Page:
It’s Always Springtime on the C&O

The Chesapeake and Ohio wanted people attending the Century of Progress Exposition know that it, too, had air-conditioned trains. While B&O might have been the first railroad to air condition an entire train, “Chesapeake and Ohio is the first railroad in the world to genuinely air-condition all its through main line passenger trains.”

Click image to download a 696-KB PDF of this brochure.

The term “genuinely” apparently referred to the fact that some railroads used stop-gap measures to cool their trains that hadn’t yet been fully air conditioned. In particular, the B&O in 1933 was still “pre-cooling” some of its sleeping cars by blowing air-conditioned air into them before they left their originating terminal.


It’s Always Springtime on the C&O — 1 Comment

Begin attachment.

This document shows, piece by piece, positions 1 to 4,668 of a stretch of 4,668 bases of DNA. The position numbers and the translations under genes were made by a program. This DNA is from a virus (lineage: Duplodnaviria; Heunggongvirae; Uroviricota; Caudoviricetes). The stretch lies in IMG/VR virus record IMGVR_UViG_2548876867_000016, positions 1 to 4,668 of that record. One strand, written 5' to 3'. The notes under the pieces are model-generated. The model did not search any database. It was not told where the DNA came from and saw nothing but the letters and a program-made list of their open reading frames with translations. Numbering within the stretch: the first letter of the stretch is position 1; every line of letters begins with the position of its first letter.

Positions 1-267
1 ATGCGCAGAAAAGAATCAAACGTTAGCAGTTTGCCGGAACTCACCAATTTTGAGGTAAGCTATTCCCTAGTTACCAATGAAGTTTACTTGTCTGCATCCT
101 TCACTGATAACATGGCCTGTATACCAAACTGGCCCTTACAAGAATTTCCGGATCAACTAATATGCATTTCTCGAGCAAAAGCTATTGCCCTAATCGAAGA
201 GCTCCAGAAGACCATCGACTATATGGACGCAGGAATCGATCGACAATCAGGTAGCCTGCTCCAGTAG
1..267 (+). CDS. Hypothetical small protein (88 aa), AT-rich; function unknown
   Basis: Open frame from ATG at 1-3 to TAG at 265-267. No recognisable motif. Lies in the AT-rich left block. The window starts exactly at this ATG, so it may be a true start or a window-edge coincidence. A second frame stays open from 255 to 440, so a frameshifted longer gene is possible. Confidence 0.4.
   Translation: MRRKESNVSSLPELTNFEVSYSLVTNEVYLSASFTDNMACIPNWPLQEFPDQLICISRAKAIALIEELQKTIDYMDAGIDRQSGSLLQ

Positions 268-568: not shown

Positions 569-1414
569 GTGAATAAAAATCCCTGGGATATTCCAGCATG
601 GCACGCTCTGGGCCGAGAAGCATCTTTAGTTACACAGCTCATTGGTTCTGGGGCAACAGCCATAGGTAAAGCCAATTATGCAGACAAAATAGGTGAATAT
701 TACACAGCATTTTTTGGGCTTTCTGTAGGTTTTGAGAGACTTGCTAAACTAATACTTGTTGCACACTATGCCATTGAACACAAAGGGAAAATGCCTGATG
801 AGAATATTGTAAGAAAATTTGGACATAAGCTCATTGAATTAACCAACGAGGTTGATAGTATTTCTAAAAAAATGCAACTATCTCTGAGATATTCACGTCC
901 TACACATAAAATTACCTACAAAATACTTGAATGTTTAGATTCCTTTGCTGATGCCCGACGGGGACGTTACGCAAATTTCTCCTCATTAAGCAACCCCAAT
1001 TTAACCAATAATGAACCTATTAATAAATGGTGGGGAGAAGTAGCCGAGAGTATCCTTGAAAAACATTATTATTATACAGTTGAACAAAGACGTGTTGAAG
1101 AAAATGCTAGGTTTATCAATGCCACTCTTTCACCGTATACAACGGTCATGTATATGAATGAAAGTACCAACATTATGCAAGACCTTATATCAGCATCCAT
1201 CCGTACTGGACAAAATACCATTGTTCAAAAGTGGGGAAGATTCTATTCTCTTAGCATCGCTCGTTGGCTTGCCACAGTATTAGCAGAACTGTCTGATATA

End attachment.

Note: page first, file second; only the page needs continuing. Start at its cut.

1. I suspect they were referring to ice activated compared to mechanical freon cooled A/C units similar to what we have today. C&O was the first to go to all mechanical units while the B&O was still using some ice activated units. Just like refrigerator cars of the era, you filled a bunker with block ice and then used a fan run the air over the ice and circulated the cool air while a separate fain exhausted the hot air. The problem was the fans were axle belt operated. If the car wasn’t moving, the fan wasn’t moving. The freon or steam ejector A/C until could either be powered by electric power from the diesel or trackside, steam from the steam generator or the steam engine itself if the train wasn’t dieselized. As long as the cars were hooked ot a a steam or electric line, the A/C would work. Some large stations had steam lines and electric lines just for this purpose. That’s why B&O had to “pre-cool” their cars with a mechanical A/C unit.

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